Sen. Ted Cruz (R-TX), in the Senate Subway on Tuesday, April 13, 2021. Kent Nishimura / Los Angeles Times via Getty Images
Sen. Ted Cruz has stopped wearing a mask while at the Capitol, according to a CNN report on Thursday.
Defending his decision, the Texas Republican told CNN that since he got the COVID-19 vaccine and “everybody working in the Senate” has also received their shots, he no longer chooses to don a face-covering. However, not all congressional staff members, reporters and even senators have been fully vaccinated.
Notably, the Centers for Disease Control and Prevention recommends vaccinated individuals to continue mask-wearing in public as the coronavirus pandemic is not over, and scientists and public health experts are still learning the long-term effects of the shots. Safety precautions such as mask-wearing and social distancing remain necessary at this time, especially amid rising cases and an ongoing vaccine rollout in the US and the rest of the world.
Reporters pressed Cruz on this point, yet he pushed back, claiming: “CDC has said in small groups, particularly with people who were vaccinated don’t need to wear masks,” per CNN. During those comments, a maskless Cruz entered an elevator on the Hill, along with two of his aides who were wearing masks.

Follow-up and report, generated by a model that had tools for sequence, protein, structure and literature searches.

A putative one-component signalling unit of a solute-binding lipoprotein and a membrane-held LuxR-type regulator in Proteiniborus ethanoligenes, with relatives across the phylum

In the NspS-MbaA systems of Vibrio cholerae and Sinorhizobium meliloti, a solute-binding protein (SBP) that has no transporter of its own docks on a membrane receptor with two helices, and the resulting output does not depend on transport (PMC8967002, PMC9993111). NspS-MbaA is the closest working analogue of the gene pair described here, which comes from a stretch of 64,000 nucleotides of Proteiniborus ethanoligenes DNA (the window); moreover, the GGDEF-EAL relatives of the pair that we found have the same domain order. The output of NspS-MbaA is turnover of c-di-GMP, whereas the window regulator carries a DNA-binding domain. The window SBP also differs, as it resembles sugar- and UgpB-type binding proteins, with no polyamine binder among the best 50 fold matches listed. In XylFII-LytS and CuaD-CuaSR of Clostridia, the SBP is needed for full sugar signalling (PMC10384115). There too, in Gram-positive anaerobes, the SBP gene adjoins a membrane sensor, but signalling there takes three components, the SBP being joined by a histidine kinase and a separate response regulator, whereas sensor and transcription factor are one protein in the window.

The CDC released guidance earlier this month that it is considered low risk for fully-vaccinated people to convene indoors without masks, but did not specify how many people. Hundreds of people, many of whom are not fully vaccinated, work in the Congress.
This is not the first time that Cruz has publicly flouted public health guidelines on Capitol Hill during the pandemic. Last month at a news conference, Cruz, after being asked to put a mask on, told a reporter he was “welcome to step away if you like.”
Cruz joins fellow Republican Sen. Rand Paul of Kentucky, who has refused to wear a mask at the Capitol, declaring he has full immunity from the virus since he already contracted it last March. Scientists and public health experts have not yet determined the extent of immunity achieved after getting the virus, nor how long it lasts. Paul has frequently clashed with top infectious disease expert Dr. Anthony Fauci during hearings on the issue.
The Senate does not mandate mask-wearing, unlike the House, which implemented new mask requirements after at least four members of Congress tested positive in the wake of the Capitol riot on January 6.
Cruz’s office did not immediately respond to Insider’s request for comment.
Read the original article on Business Insider